Customer Service
Grid Modernization

Smart meters are smart about privacy

Since 2012, utilities in the United States have set up more than 43 million Advanced Meter Installations (AMI), aka "smart meters" in homes and businesses, and more such meters are being installed every day. Why smart meters? What can they do and not do? Do they threaten your privacy? Do they give others control over how you use electricity? Let's find out.

How Smart Meter Data IS Used

Smart meters are two-way devices that measure customer electricity usage frequently, usually every 15 minutes. This allows your electric utility to get data about your electricity use without having to send a meter reader to your site. And, smart meters allow YOU to track how much electricity you're using.

Most utilities that install smart meters offer Web portals where you can go and see how much electricity you're using and when, and what your tab is at any time (just like your bank or credit card statements online). You can use smart meter data to make more informed choices about your electricity use and bring your bills down. If you like, you can even share your data with third parties who can help you figure out how to save energy and dollars.

Smart meters help your utility offer better service to you. They help your utility measure real-time load and better balance loads to avoid blackouts. Smart meters also help your utility respond more quickly to outages. Your utility does not have to wait until someone calls to report an outage but is notified right away by the smart meter itself and can quickly deploy technicians to the affected outage area and restore power quickly. The meters can also tell the utility if an outage is system-wide or at a particular site.

Traditionally, your electricity use is billed at a flat rate, no matter when you use it. However, the price of the electricity your utility gets on the wholesale market is greatly affected by time and weather. And by gauging when you use power through your smart meter, your utility can set different rates for different times of the day and let you leverage the lower rates for waiting until off-peak periods for heavier electricity use.

So you can be rewarded for using less power in the middle of a hot summer day when demand peaks and for running your washer/dryer at night when the demand is lower.

Smart meters, combined with flexible rates, allow you to use electricity when it is cheaper, saving you money and helping you save the environment, too.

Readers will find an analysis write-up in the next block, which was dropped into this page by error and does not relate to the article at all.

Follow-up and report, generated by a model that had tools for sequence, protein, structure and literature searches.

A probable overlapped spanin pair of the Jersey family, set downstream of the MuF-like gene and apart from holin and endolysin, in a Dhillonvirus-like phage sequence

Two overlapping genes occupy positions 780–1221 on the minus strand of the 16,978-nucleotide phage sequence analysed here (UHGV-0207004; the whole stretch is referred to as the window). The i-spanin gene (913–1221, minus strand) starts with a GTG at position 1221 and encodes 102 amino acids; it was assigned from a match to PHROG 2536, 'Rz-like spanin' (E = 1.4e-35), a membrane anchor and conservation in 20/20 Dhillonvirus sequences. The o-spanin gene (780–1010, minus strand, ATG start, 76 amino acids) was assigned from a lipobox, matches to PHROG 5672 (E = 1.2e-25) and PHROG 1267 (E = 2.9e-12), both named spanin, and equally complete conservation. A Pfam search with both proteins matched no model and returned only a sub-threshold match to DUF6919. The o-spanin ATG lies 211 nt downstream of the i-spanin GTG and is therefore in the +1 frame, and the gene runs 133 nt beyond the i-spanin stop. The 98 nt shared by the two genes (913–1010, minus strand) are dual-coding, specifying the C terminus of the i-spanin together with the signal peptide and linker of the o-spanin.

How Smart Meter Data is NOT Used

A common concern is that utilities will be able to see what you're using electricity for at any given time and be able to control your use. The reality is that utilities cannot tell what appliances are in use by looking at the data from your smart meter every 15 minutes. The only way anyone can determine specific usage is if YOU choose to install smart appliances or special monitoring devices that measure certain appliances, like your washer/dryer. Even if you choose to install such appliances or devices, you can opt to not share this data with your utility.

Can your utility share data from your smart meter with third parties? Not typically. In most cases, utilities cannot share your data with unaffiliated third parties unless you provide clear consent. Sometimes, your utility may tell you that they will share data unless you opt out. Bottom line, you can stop your utility from sharing your data without your approval.

State utility commissions and other government entities have developed smart meter data privacy guidelines to ensure that your data remains protected. These regulations also provide guidelines on how you may access your data, revoke consent to data sharing, dispute your bills, and more.

The Public Power Commitment to Privacy

Public power utilities are already committed to meeting customer needs and respecting their preferences.

Naperville, Illinois, was one of the first communities to deploy smart meters across its service territory, and its "Naperville Smart Grid Customer Bill of Rights," is considered a "revolutionary document" for its focus on customer rights.

The American Public Power Association (APPA) has been involved in developing an industry-wide Voluntary Code of Conduct since 2012. The draft VCC emphasizes core privacy principles and outlines concepts for power providers and third parties to secure customer data. A summary of the key privacy protections established by the industry can be found in the APPA whitepaper, Smart Grid Data Privacy Concerns: An Overview of Recommended Guidelines."